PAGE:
- The story of the first defence policy based on weapons of mass destruction
- An account of the first attempt to substitute air power for armies and navies
- The truth about how the Air Staff misled the government, deceived itself and left the country defenceless
- Based on original archive material and supplemented with many unpublished photographs
The Rise of the Bomber: RAF-Army Planning 1919 to Munich 1938, the second book in the series, author Greg Baughen uses archive material to reassess British air policy in the inter-war years. Gone is the image of a Royal Air Force starved of funds and struggling for survival against a bullying Army and Navy. Instead, Baughen describes how the Air Force set out to replace both the Army and Navy. It blocked the development of a modern air/tank strategy and won government backing for a defence policy built around the bomber – the first weapon of mass destruction. Yet the time and money invested in the policy achieved nothing. When put to the test in 1938, the equipment proved inadequate and the strategy flawed. The Air Staff had misled the government, deceived itself and left the country defenceless. Yet, all was not lost. Unintentionally, the Air Ministry had been creating the aircraft that might still save the country...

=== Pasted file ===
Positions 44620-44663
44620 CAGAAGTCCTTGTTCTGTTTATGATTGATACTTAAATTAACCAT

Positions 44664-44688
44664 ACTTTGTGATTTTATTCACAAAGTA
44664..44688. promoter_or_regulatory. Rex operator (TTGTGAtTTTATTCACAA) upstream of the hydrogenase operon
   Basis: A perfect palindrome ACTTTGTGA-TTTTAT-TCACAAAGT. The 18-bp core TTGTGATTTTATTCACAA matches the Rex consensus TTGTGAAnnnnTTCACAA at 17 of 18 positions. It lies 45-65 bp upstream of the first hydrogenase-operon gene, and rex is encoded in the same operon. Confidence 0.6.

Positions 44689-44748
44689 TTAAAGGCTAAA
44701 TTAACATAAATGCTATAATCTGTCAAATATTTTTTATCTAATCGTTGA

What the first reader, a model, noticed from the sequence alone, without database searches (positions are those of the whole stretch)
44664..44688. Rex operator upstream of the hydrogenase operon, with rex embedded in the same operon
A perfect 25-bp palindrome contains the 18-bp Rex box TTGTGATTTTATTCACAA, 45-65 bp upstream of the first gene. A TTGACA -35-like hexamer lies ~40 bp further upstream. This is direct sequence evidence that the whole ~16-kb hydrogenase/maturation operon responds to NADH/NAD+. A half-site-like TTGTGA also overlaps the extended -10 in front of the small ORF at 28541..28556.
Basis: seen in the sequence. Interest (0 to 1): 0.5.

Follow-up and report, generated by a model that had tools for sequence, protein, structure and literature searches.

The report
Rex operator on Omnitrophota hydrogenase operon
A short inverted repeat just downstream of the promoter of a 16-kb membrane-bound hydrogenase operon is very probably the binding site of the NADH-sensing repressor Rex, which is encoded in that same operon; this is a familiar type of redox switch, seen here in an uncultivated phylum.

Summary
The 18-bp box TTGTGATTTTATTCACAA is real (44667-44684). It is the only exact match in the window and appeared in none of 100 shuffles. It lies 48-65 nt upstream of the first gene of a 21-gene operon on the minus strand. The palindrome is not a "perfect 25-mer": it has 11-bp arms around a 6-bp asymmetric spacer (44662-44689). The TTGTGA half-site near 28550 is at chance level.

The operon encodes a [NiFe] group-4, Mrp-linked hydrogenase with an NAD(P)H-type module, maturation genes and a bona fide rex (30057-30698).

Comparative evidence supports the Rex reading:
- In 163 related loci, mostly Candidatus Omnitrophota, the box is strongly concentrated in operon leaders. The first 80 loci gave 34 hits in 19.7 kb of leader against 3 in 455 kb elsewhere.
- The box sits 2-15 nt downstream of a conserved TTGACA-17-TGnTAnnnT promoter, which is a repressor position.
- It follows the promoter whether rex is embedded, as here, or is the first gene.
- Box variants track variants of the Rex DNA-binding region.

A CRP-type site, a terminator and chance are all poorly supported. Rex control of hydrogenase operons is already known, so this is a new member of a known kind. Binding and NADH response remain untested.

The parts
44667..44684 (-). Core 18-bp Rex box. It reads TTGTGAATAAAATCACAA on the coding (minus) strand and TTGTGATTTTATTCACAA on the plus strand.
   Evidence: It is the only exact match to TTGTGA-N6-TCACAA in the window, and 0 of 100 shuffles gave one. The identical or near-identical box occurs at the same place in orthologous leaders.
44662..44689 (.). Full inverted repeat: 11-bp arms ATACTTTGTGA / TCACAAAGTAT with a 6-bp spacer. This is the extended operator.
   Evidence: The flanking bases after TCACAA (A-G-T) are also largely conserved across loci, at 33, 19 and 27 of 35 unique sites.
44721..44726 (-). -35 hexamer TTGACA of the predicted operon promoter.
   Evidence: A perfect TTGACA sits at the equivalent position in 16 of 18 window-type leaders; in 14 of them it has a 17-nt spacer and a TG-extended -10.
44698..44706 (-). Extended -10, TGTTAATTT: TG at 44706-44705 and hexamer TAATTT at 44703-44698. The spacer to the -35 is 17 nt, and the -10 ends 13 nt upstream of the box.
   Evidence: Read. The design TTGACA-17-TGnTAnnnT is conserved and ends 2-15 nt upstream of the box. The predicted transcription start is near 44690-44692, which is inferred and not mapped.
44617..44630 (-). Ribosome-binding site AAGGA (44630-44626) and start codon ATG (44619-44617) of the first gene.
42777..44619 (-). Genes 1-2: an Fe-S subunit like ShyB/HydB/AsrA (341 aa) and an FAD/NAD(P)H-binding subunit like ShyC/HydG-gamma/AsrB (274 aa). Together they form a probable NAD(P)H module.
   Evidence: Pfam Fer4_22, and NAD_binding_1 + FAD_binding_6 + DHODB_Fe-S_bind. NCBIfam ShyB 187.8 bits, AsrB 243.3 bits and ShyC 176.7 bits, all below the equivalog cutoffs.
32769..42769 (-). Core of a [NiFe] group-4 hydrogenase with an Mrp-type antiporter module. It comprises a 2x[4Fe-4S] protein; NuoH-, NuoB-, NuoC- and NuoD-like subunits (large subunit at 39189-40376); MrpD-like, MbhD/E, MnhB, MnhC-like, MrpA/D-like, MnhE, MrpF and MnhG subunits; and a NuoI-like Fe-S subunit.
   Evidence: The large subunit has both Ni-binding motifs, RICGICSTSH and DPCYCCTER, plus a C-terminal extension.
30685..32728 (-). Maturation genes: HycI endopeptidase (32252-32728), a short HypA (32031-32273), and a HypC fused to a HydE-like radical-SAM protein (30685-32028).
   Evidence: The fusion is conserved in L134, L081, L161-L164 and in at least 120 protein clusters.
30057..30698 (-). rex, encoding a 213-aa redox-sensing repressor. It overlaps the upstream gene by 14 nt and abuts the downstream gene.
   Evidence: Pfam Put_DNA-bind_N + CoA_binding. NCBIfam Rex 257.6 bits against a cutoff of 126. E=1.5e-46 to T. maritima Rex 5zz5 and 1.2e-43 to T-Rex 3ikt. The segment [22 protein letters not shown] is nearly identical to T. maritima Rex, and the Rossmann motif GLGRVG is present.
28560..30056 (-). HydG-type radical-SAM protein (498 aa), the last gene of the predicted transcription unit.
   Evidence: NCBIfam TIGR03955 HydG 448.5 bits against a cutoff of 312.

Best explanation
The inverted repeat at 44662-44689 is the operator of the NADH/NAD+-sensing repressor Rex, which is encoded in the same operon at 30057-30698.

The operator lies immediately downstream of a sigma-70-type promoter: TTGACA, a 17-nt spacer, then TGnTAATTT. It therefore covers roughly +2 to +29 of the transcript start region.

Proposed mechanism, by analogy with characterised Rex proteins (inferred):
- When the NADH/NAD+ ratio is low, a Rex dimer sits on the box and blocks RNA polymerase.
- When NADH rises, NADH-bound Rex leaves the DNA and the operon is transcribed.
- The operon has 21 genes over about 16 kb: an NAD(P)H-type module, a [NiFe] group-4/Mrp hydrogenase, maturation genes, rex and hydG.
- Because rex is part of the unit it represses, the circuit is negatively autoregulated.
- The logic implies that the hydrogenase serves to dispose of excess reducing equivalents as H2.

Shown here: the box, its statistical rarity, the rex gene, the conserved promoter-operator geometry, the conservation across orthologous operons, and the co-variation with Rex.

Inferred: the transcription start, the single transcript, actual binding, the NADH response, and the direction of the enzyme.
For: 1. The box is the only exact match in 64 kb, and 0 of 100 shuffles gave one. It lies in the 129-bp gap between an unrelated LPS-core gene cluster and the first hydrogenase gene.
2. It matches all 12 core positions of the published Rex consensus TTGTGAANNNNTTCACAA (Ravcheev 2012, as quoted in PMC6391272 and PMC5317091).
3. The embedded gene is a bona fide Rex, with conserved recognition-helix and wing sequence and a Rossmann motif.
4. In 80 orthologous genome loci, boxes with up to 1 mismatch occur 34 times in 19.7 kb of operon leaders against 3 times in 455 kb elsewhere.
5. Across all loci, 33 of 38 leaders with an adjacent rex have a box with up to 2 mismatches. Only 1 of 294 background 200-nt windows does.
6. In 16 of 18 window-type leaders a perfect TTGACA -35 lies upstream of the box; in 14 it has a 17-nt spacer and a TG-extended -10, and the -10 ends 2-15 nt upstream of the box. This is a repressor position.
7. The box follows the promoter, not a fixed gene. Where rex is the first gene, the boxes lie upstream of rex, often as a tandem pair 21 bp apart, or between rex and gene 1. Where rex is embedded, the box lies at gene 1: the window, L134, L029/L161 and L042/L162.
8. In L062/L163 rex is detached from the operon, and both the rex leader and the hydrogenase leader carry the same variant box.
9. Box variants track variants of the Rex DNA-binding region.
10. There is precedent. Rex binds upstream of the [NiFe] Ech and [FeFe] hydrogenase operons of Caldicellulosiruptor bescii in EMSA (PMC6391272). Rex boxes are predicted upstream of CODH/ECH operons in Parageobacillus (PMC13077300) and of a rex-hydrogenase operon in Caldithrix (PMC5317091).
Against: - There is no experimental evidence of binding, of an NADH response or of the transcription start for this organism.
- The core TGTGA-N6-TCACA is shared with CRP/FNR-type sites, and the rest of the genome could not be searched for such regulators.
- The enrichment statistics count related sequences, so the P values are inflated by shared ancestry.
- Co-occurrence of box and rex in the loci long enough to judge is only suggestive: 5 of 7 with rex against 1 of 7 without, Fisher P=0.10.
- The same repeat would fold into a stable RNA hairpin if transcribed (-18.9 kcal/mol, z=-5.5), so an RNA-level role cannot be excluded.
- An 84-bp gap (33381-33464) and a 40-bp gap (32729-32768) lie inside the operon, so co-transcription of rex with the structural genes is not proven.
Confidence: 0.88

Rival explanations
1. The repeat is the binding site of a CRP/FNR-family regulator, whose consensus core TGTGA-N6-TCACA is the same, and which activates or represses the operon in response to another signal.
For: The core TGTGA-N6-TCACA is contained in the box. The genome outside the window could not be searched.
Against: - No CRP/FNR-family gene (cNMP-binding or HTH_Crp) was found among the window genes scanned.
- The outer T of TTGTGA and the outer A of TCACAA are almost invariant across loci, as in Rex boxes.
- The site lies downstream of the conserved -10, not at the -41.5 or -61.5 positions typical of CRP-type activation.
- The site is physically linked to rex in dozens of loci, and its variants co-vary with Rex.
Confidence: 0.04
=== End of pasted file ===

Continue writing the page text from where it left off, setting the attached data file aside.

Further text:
Greg Baughen was educated at Sussex University where he obtained a degree in Mathematics. His interest in military aviation was sparked by curiosity over the defeat of British and French forces in the Battle of France in 1940. For many years, he has delved through public archives seeking explanations. The quest has taken him back to the origins of air power in both countries and forwards to what might have been in the Cold War. Baughen is working on a series that will trace the history of the RAF from its origins through to the thermonuclear age.
Dimenstions: 234 x 156 mm
Binding: hardback with dust jacket
Extent: 304 pages
Illustrations: 3 maps - 83 black-and-white photographs